• Water and electricity don't mix. Don't place any electrical appliances near water, i.e., a sink or a bathtub. Appliances that are used near water should be unplugged when not in use. If you have an appliance that has gotten wet, unplug it and don't use it until it's been checked by a qualified repair person.
    • Check to see that all entertainment/computer equipment is in good condition and working properly; look for cracks or damage in wiring, plugs and connectors.
    • Don't leave your space heater on all night. The fire hazard is too great. Use extra blankets instead.
    • Keep your space heater away from drapes, furniture and other flammable materials.
    • If you use an extension cord, be sure it's heavy duty and in good condition. And, make sure the cord is rated to handle the power your space heater requires. Don't use household-type extension cords with your space heaters.
    • Be certain your home wiring is designed to handle your space heater. If you have any doubts, contact a licensed electrician.
    • Avoid using your space heater in the bathroom. If you must, keep it as far away as possible from the shower, tub and sink. And never touch the heater when you're around water!
    • Make sure your space heater has an automatic switch that turns off the electric current if the unit is tipped over.
    • Make sure the heater has a 3-prong grounded plug and used in a 3-hole wall outlet.
  • Outdoor

    Follow these safety tips when you're working outside and around your home. Don't forget to call before you dig to avoid cutting utility lines.

    • Never remove the third prong of a three-pronged plug. It can protect you from electrical shock. Instead, convert two-pronged outlets to fit three-pronged plugs using an adapter with a ground tab.
    • Turn off electrical products if a cord overheats.
    • Use only weather-resistant heavy gauge extension cords marked "For Outdoor Use."
    • Be sure amperage ratings for outdoor extension cords are higher than those electrical products they are used with. Check owners manuals and electrical labels.
    • Outdoor electrical products should be:
      • plugged in and turned on only when in use
      • never left unattended outdoors
      • turned off when being carried or being hooked up to attachments like mower baskets or saw blades.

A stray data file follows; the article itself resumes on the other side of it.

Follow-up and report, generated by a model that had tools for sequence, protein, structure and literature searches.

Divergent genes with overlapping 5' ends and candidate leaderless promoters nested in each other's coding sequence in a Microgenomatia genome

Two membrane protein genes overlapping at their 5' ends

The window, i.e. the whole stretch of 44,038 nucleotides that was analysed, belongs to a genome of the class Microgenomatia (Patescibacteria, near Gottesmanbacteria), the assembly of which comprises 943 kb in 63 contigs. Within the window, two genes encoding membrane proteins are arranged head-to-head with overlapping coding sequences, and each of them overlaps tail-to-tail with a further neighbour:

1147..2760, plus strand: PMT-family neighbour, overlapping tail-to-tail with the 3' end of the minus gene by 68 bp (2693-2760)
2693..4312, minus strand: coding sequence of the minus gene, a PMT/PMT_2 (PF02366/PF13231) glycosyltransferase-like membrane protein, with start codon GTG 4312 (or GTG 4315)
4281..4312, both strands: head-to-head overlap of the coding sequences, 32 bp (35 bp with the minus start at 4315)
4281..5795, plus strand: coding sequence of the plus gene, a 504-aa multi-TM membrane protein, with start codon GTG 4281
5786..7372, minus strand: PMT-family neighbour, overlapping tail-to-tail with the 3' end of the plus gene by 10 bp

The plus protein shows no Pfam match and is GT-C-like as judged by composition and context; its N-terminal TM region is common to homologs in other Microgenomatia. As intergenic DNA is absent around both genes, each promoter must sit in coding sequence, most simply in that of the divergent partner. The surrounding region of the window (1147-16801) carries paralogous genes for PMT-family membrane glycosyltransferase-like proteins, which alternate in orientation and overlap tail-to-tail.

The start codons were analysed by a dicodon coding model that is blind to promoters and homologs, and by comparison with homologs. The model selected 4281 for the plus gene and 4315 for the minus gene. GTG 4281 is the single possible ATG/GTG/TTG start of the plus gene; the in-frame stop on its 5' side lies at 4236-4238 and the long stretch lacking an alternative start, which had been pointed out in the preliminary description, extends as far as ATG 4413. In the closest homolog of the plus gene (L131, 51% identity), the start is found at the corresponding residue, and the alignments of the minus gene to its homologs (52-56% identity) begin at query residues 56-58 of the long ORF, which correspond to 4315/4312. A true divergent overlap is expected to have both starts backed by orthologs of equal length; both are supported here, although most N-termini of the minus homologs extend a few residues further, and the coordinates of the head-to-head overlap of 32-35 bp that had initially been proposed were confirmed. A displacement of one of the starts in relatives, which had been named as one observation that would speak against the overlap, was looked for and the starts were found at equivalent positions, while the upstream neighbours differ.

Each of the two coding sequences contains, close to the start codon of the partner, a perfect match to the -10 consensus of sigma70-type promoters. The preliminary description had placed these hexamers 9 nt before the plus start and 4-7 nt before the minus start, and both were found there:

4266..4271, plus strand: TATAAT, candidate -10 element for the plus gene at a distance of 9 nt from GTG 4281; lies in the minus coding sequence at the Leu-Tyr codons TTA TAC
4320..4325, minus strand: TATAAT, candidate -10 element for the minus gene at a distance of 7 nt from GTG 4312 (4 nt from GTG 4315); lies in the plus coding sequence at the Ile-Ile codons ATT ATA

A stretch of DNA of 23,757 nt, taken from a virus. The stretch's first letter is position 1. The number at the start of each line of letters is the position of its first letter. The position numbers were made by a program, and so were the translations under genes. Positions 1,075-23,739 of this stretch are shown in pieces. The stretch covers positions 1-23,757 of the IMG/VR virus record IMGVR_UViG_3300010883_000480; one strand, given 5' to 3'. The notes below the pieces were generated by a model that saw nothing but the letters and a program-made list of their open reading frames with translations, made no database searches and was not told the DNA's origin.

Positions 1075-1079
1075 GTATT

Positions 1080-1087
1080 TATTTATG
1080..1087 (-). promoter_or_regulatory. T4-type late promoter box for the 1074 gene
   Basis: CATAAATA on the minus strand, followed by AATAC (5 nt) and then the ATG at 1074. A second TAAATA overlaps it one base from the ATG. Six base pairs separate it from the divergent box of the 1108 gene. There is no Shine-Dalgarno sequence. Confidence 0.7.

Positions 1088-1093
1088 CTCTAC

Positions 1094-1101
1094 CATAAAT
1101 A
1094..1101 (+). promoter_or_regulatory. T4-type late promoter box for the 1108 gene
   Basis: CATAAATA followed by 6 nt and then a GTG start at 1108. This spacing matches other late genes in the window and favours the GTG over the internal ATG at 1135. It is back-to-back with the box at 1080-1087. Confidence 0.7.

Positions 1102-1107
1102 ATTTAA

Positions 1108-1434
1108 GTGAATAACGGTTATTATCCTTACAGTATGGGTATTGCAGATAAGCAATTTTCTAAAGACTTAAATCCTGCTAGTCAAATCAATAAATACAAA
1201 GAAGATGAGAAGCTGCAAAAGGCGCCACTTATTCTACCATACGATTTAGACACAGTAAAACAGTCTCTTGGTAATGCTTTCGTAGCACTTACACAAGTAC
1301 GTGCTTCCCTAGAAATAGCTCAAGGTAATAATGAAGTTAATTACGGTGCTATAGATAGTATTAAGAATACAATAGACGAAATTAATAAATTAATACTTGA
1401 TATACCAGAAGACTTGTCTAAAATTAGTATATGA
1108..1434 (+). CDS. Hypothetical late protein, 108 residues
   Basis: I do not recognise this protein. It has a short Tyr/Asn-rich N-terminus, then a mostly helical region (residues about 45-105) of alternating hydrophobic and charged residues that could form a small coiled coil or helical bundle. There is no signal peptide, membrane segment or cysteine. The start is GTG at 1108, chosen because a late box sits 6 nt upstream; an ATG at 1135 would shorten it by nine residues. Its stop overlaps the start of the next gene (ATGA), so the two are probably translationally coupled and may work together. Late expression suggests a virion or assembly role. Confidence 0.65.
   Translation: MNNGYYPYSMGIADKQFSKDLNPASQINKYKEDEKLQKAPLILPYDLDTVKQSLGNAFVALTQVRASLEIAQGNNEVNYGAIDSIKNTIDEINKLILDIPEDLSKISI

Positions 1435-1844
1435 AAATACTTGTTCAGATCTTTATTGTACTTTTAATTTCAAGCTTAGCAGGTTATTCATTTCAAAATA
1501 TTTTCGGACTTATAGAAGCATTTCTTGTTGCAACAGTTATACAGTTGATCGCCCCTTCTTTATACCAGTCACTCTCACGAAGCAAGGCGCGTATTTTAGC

• Never remove safety guards from lawnmowers, power tools, etc.
    • Unless you are a qualified electrician, never try to repair electrical products yourself.
    • Use safety goggles when operating lawn equipment and wear special safety gear suggested in power tool manuals.
    • Clean up the area before mowing the lawn or using electrical clippers or trimmers.
    • Keep cords out of your path or work area. Throwing the cord over your shoulder may help.
    • Keep outdoor outlets and electrical products covered and dry between uses.
    • Select a dry day to power up outdoors.
    • If an electrical tool falls into a pool or pond, unplug it first. Do not reach into the water for it.
    • Put a Ground Fault Circuit Interrupter (GFCI) between your electric power source and your electric tool. In a mishap, a GFCI can cut off power in less than a second. A GFCI is an electrical device that can protect you from electrical shock and may prevent fires. They should be installed in kitchen, bathroom, and outdoor receptacles. You may have a GFCI built into your outdoor outlets. Or they may be in your mower, trimmer or drill. (Check your owner's manual.)
    • No GFCI? Contact a licensed electrician for professional installation.
  • Holiday Lighting

    It's easy to get caught up in the holiday rush. It's also easy to forget to put safety on your list of things to remember. At Tampa Electric, where safety is a top priority, we offer these tips to follow in and around your home:

    • Make sure your holiday lights and cords are in good condition (no broken lights or frayed cords).
    • Never string holiday lights on or near power lines.
    • Never use indoor lights outside.
    • Be sure to turn all holiday lights off before going to bed or leaving home.
    • Never place electric cords under a rug or door, or around a sharp edge or corner.
    • Don't overload electrical outlets.
    • Make sure a reliable testing laboratory, like the Underwriter's Laboratory, has inspected your holiday wiring.
    • Keep all cords away from "traffic lanes" in your home.
    • Be sure to unplug children's electric toys when not in use.
    • If you have a natural Christmas tree, make sure it has enough water to keep branches from drying out, which can pose a fire hazard.
Electrical Safety for Kids
For Kids Icon

Download these PowerPoint presentations on electrical safety for elementary students "Know the Rules: Be Safe Around Electricity" and middle/high school students, "You're in Charge: The Ins and Outlets of Electrical Safety."

Check out Energy Education for Kids on our Education page.